by Jack Long
In honor of Boston College graduate and September 11 victim Welles Crowther, Boston College held its annual Red Bandanna 5K in front of Gasson Hall.
As part of the BC Class of 1995, Crowther was a lacrosse player and a member of the Fellowship of Christian Athletes. Only six years after graduating, he was working on the 104th floor of the South Tower when a plane crashed into the 81st floor. Outside of a brief voicemail to his mother, nothing else was known about what happened to Crowther. It took months for his family to hear words of a man who evacuated people from the 78th floor with a notable accessory: a red bandanna, something Welles never went anywhere without. Welles Crowther had spent his final hours helping firefighters save lives at the cost of his own.
Now fully aware of their son’s heroism, Jefferson and Alison Crowther worked to honor his memory by establishing the Welles Crowther Charitable Trust in 2002. Fifteen years later, the Trust continues to fund scholarships like “The Birchwood Award,” which is awarded to high school graduates from the Crowthers’ hometown of Nyack, and the “Boston College Welles Remy Crowther Service Award,” which is awarded to “the student who consistently demonstrates a commitment to service and who inspires others by their example” (bc.edu). In addition, the fund has also offered to Charitable Gifts to public institutions like libraries and hospitals from Welles’s hometown, September 11th memorial funds, Hurricane Katrina relief, and Massachusetts counseling programs like C.O.R.S.E. and Project Excel. In order to help the Crowthers in their charitable ventures, Boston College has chipped in and annually held the Red Bandanna 5k to support the Crowther’s Charitable Trust.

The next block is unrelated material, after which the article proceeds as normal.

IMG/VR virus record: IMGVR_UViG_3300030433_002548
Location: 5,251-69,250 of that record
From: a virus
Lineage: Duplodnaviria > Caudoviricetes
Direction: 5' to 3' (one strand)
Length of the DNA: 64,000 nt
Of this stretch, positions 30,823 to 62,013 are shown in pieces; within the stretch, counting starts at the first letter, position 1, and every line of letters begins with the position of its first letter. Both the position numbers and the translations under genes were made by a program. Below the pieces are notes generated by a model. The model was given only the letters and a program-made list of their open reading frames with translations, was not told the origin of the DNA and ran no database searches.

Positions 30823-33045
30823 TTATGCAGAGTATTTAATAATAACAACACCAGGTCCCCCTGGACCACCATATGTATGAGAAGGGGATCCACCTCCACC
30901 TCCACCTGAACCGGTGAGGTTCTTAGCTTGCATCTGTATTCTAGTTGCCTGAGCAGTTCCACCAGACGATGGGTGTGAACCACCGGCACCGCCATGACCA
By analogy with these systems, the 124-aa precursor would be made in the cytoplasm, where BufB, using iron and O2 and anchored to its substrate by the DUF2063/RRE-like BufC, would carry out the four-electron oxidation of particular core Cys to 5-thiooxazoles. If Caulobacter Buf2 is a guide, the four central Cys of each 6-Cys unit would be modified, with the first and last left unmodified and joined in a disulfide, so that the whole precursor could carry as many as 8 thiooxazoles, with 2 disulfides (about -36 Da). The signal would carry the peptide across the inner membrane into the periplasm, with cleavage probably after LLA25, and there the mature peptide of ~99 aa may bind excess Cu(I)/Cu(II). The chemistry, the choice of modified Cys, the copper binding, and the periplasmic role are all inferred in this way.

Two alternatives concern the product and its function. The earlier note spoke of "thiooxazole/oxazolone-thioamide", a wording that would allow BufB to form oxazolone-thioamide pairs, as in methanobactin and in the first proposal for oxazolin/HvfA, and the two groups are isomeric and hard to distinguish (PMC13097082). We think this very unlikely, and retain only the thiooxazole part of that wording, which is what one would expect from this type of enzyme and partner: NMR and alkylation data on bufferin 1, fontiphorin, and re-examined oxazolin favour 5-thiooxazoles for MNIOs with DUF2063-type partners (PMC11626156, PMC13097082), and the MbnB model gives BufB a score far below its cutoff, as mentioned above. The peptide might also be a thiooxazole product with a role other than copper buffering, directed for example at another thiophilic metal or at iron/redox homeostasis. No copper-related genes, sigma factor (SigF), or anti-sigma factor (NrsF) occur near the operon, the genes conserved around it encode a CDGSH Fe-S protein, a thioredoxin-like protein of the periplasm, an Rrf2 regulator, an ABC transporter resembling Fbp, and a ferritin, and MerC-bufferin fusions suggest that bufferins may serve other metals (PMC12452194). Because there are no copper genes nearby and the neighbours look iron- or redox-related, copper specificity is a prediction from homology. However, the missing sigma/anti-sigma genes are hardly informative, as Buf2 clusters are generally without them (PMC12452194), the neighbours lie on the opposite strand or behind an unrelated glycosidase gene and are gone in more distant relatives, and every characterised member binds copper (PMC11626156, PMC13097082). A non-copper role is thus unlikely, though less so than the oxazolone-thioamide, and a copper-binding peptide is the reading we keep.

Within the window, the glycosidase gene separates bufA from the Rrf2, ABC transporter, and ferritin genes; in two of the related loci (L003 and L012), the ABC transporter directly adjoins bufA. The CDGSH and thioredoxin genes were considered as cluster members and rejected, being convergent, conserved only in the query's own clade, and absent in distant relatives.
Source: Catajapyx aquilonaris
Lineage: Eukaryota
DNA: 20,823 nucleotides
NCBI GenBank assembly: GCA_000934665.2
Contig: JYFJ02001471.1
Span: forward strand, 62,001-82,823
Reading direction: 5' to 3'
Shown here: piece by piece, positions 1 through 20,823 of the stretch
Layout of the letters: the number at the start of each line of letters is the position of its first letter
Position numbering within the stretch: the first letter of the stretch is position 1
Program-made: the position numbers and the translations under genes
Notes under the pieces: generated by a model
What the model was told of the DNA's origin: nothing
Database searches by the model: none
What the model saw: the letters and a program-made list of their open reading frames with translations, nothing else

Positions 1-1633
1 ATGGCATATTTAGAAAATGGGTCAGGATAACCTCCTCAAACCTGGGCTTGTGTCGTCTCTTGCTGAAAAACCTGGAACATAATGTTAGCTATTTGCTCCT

Even though the times of the hundreds of runners ranged from sixteen minutes to fifty minutes, the Red Bandanna 5k showed the solidarity within the Boston College community. Cheered on at Gasson Hall the whole race by Welles Crowther’s parents, runners included flag-bearing ROTC-athletes, couples running with their infants in strollers, and, of course, the unrelenting Baldwin the Eagle. Especially noteworthy is one runner who completed the 5k despite being 88 years old, which earned him a shout-out from Alison Crowther as she announced the six winners of the race. “Win” may be the wrong word, since the fact that only two of the top three male and female runners even went up to accept prizes make it clear that most of the runners were not here for the $100 gift cards awarded at the end. The ending ceremony put far more focus on Welles’s sister, Paige, who had recently released a book about her brother called “The Man in the Red Bandanna,” meant to help parents teach their kids about the terrorist attacks on September 11th, 2001. With Paige Crowther signing a book memorializing brother right next to a crowd of hundreds of people of every age adorning themselves with a red bandanna, “winning” the five-kilometer race seemed far away from most of the runners’ minds.